19. Does the worker provide services for more than one firm at a time?
20. Does the worker make his or her services available to the general public?

I know it is a lot to review, but it is good to know what is required, so that you can call yourself a true consultant. I am not a lawyer, but think the information is helpful. Let me know if I'm on or off base.

Monday, February 2, 2009

Social Networking

At Unified last week the Thursday session involved the future of the wine industry, and some of the marketing opportunities available. One of the speakers was Courtney Cochran of Your Personal Sommelier and Hip Tastes. She discussed some of the networking trends for the Millenial Generation. The Millenials are people who were born between 1978 and 1996 and are becoming adults at the beginning of the new millenium. The Millenials are the first generation who are choosing wine over other alcoholic beverages when they socialize. This is a great opportunity for wineries to attract a loyal following of customers.

Courtney Cochran brought up social networking sites, such as Facebook, LinkedIn and Twitter. Generation Xers (of which I'm a proud member) and Millenials are using these sites to stay connected with a large spectrum of friends. Although I've written before about LinkedIn, I have finally dove into Facebook and Twitter. Getting my profile, and that of WineTalent's, complete takes some time, and then you have to figure out who you might know on these sites. It's always fun to connect with some friends you haven't heard from in awhile. Luckily some of my friends are techy, and I linked up to them very quickly. Now I'm searching the sites, seeing what else I can link to on them.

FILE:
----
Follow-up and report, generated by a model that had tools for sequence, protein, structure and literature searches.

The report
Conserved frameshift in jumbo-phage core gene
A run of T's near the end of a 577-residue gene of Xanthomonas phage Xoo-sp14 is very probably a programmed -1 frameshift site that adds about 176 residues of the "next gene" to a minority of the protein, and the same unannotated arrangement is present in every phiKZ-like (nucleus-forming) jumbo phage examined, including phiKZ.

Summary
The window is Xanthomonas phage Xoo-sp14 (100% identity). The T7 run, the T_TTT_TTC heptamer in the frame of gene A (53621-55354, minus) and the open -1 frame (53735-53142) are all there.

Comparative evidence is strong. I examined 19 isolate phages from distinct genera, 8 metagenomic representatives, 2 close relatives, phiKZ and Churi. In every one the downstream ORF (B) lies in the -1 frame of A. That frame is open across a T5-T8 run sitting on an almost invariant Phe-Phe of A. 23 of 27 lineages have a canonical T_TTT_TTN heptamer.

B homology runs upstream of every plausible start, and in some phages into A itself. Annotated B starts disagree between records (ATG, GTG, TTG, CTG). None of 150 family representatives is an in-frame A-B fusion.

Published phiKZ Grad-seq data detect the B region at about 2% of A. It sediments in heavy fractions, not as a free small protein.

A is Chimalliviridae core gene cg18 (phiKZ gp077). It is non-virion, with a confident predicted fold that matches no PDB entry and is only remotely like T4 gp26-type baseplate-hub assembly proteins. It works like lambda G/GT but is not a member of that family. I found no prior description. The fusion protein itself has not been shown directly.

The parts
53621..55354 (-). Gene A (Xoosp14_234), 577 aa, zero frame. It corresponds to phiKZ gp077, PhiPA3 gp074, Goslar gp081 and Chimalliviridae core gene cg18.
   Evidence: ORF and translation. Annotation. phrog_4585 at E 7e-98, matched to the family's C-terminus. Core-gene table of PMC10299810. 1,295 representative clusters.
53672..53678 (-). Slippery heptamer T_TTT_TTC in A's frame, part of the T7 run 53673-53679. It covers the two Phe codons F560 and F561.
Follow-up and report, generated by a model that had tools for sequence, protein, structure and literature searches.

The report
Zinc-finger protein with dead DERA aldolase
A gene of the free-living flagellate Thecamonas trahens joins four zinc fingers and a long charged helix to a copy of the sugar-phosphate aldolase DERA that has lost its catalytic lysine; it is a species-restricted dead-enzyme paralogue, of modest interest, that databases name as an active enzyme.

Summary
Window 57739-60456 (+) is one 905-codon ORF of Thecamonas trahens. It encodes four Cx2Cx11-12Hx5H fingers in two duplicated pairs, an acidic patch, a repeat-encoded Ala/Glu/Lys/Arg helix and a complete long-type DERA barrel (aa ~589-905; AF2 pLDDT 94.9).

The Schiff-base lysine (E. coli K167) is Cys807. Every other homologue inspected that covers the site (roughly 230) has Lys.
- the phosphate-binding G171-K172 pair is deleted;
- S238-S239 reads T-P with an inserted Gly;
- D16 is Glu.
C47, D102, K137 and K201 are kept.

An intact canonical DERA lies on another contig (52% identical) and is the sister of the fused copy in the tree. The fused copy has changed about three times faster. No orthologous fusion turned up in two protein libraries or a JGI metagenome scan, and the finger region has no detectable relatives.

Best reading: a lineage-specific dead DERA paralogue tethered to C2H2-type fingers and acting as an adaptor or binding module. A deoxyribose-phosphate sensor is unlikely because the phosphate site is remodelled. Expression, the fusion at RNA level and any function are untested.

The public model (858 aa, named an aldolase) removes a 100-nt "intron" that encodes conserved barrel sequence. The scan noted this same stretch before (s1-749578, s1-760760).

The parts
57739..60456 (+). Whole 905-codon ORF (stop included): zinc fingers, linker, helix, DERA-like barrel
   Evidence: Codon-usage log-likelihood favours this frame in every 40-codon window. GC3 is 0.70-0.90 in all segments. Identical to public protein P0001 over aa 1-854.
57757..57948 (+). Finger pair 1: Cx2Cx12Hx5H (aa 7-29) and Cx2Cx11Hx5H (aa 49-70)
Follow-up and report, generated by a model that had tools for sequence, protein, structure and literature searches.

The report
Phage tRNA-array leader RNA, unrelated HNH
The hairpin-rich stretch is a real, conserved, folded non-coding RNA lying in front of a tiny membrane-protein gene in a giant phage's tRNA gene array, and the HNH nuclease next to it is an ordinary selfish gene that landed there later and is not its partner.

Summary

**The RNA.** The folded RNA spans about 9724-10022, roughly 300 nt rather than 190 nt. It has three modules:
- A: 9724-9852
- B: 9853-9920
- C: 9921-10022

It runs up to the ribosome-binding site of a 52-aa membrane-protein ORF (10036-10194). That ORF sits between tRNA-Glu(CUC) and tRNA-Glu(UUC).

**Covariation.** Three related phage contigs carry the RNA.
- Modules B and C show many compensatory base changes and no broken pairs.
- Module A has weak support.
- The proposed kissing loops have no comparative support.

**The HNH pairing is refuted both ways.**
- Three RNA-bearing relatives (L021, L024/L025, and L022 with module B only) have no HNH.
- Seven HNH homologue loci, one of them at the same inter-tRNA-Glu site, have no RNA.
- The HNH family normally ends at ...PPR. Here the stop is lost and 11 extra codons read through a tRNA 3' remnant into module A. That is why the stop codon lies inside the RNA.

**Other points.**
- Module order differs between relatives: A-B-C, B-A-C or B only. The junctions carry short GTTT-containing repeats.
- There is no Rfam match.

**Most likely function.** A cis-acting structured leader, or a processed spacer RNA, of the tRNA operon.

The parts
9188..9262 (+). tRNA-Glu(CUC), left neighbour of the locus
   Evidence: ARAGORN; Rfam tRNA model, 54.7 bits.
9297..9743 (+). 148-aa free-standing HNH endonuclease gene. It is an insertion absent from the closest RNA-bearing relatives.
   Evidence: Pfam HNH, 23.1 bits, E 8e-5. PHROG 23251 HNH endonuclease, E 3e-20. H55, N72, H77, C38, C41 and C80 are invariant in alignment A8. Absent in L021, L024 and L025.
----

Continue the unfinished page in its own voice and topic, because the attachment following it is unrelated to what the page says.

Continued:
So, did I get much work done today? Questionable. I did get through a lot of emails after being gone last week, and have updated my database. I also connected with some old friends who were on Facebook. I also inadvertently got all of my contacts in my yahoo address book contacted by Tagged. I was signing up after someone linked to me, and before I even finished signing on, hundreds of my contacts were contacted on my behalf. While it is always great to connect, I like to know who is being contacted, and Tagged overpowered me. I now have tons of emails sitting in in-boxes due to a slip of the enter key. Looking over the contacts on Tagged, I quickly discovered it isn't the site I'm going to network on, and canceled my account. Hopefully I haven't done any irreparable harm.

So, get yourself out there on these sites, but don't forget to manage your contacts wisely. And always keep an eye on the content on your pages. Employers and colleagues can look you up and you want to make sure you know what they are seeing.